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Germany

Merkel dusts off old slogans for new approach in election year

German Chancellor Angela Merkel has implored Germans to proactively defend values she said were required for democracy and freedom. Merkel set the tone for the election year in the face of growing populism.

At a party conference in the western German city of Saarlouis, the chancellor said right-wing groups such as the anti-Islamization PEGIDA should not have any right to choose who would get to enjoy the benefit of belonging to Germany and who would be excluded from this privilege.

Distancing herself from PEGIDA followers without mentioning the name of the contentious movement in her speech, Merkel said: "All of us, we all are the people," referring to her opponents on the right who use the slogan "We Are the People." 

PEGIDA has a strong following in eastern Germany. The slogan originated in protests across former East Germany in 1989 that swept away the communist regime.

Deutschland Auftakt Klausurtagung CDU-Bundesvorstand (picture-alliance/dpa/O. Dietze)

Despite growing right-wing sympathies, Merkel's CDU party is leading in polls with 37 percent of the vote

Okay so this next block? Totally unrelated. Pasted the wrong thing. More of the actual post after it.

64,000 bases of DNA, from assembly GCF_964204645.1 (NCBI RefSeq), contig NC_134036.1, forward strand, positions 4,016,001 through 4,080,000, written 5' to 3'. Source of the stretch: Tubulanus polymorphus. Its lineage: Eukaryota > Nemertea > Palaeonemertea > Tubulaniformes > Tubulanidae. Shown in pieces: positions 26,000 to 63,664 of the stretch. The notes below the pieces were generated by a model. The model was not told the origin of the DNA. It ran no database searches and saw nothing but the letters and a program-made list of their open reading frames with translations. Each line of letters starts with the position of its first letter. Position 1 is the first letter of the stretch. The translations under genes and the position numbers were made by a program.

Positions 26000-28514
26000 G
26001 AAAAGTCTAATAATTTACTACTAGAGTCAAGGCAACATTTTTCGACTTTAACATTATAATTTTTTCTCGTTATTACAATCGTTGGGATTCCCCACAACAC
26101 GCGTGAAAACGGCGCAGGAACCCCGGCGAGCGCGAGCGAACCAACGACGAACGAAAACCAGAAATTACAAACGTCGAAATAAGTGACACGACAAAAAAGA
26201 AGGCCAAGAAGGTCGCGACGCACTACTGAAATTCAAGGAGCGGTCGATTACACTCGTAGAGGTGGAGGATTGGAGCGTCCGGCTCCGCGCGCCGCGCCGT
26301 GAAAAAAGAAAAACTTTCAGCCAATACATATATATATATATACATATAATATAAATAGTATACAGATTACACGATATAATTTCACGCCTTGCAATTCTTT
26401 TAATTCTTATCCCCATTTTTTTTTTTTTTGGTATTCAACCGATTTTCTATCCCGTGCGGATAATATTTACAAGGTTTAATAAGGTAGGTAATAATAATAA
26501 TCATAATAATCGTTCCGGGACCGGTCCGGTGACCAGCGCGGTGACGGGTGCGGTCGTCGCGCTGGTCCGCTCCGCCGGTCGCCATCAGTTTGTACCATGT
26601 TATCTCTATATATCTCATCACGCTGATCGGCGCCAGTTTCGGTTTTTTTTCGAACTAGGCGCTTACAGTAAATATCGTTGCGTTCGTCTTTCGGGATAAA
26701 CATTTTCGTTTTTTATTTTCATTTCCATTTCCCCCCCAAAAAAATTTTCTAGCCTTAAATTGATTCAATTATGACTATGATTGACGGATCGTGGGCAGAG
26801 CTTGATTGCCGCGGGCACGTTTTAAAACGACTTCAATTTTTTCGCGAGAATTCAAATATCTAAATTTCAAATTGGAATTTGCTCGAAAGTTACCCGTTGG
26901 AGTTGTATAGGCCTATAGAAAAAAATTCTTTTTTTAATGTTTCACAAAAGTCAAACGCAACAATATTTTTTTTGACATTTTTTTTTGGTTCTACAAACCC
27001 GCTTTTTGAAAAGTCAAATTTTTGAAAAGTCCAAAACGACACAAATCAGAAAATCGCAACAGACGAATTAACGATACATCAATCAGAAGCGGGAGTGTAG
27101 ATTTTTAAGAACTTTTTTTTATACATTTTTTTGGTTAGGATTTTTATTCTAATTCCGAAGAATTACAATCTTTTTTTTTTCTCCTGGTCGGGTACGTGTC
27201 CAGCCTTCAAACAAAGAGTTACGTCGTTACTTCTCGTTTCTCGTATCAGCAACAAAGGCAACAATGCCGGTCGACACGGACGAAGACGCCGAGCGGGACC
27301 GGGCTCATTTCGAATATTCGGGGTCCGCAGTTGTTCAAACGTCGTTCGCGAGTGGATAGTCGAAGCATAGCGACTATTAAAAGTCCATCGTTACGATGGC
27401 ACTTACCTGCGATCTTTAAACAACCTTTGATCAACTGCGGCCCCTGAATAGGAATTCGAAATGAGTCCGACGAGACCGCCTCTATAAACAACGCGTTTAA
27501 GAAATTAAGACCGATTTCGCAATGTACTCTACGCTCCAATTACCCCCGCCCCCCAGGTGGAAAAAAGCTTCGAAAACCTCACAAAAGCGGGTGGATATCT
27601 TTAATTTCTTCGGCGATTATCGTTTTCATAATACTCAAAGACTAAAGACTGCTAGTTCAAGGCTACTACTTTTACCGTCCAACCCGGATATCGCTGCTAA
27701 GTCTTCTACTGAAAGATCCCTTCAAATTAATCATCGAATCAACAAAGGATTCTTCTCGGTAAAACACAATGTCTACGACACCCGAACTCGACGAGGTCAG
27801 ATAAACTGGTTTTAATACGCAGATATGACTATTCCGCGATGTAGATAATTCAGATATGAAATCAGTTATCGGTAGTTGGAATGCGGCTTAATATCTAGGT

Merkel the orator

Merkel also dusted off a historic political slogan - this time from the early days of postwar West Germany, stressing that "Prosperity for All" would be her campaign focus as Germany prepares to hold general elections later in the year.

In the 1950s, West Germany's first postwar economy minister, Ludwig Erhard, used the slogan to set the stage for a series of economic reforms. These led to what became known as the country's economic miracle.

"We want as many people as possible in Germany to have the possibility of a job with fair pay," Merkel said, adding that she also wanted companies to operate under conditions that would facilitate investing in Germany "and not somewhere else."

Not in touch

In her speech, the chancellor said human rights - such as freedom of speech, religion and expression - should never be taken for granted. Merkel said that these values weren't "gifts you don't have to work for."

Merkel added that, from time to time, people have to show initiative and prove that they will stand up for freedom if needed.

Her announcement, however, may have rung hollow with many voters, who say their main worry is to possible economic stagnation, dwelling on the negative impact that globalization could have on them.

ss/kl (dpa)

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